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Beyond Penn's Treaty

Account of a visit paid to the Indians in New York State

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also of an herb like fern, and thin
cakes of wheat bread baked, or
rather fryed in a pan, they eat
very well, so that we have no
cause to complain of our living if it
was not for their dirt & c. which try
us. Our road from Pittsburg here,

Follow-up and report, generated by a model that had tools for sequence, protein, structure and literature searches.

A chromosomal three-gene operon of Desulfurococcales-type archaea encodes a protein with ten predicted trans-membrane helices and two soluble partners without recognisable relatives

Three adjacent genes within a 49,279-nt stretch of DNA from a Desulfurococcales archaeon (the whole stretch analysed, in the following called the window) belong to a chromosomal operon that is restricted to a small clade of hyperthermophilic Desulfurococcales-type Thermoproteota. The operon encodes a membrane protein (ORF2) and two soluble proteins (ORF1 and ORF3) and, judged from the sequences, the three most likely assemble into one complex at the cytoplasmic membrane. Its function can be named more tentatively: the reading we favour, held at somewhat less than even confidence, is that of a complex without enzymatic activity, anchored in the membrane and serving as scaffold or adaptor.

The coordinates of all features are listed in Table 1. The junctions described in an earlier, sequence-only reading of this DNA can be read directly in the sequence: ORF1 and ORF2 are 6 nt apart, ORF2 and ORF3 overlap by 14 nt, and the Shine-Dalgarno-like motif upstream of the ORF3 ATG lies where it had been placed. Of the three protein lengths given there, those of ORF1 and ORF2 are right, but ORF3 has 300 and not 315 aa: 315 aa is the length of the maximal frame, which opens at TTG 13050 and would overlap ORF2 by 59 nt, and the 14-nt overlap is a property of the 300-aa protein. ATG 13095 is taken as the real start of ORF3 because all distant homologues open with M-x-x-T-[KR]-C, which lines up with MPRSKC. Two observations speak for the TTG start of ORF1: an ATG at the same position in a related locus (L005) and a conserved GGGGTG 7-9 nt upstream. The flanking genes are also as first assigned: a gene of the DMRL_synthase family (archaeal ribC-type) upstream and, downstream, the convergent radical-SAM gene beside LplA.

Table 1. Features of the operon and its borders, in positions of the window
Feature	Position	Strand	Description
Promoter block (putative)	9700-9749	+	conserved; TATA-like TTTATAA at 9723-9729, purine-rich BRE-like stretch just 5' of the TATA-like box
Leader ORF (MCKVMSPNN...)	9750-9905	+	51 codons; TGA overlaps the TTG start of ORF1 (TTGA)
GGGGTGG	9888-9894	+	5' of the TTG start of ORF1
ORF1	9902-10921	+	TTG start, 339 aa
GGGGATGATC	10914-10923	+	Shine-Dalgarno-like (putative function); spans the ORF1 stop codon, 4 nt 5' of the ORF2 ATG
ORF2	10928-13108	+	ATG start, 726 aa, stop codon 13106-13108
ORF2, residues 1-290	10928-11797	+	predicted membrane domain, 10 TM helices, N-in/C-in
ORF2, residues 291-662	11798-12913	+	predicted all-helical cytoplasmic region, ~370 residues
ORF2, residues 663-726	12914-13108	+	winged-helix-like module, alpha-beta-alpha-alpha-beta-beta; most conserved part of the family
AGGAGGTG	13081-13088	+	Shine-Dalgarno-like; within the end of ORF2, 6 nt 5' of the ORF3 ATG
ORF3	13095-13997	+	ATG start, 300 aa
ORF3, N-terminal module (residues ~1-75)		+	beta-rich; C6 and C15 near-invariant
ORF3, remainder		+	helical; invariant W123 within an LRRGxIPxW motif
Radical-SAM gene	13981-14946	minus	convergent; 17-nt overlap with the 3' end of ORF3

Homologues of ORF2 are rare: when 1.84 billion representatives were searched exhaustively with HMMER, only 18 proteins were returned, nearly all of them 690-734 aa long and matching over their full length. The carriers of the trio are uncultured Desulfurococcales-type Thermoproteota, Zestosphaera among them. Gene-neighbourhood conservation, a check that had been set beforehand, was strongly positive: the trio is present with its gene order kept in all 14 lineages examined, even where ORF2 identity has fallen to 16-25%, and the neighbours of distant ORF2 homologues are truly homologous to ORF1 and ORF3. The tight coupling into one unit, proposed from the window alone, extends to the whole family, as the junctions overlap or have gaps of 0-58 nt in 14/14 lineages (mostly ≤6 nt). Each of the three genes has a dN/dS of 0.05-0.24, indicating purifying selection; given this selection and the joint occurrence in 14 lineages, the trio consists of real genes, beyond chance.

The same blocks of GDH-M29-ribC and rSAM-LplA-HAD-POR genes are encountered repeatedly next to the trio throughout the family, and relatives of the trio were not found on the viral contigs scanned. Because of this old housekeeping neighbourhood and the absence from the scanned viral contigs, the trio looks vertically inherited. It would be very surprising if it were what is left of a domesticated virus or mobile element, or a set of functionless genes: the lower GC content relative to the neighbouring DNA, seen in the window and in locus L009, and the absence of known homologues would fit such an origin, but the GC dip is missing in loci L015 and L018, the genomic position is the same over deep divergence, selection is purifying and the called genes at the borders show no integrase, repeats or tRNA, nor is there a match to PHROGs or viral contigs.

was pretty much of a northeast course,
and part of it very rough and tedious
so that we have been desirous of finding
a nearer and better way home, we
early enquired of Cornplanter if
their was any path from this town
across the mountains to the big
Island on Susquehanna at the
mouth of Baldeagle creek, he in-
formed us there was a path, which
was but little used, and through
a rough uninhabited country, we
should have to lay out at nights,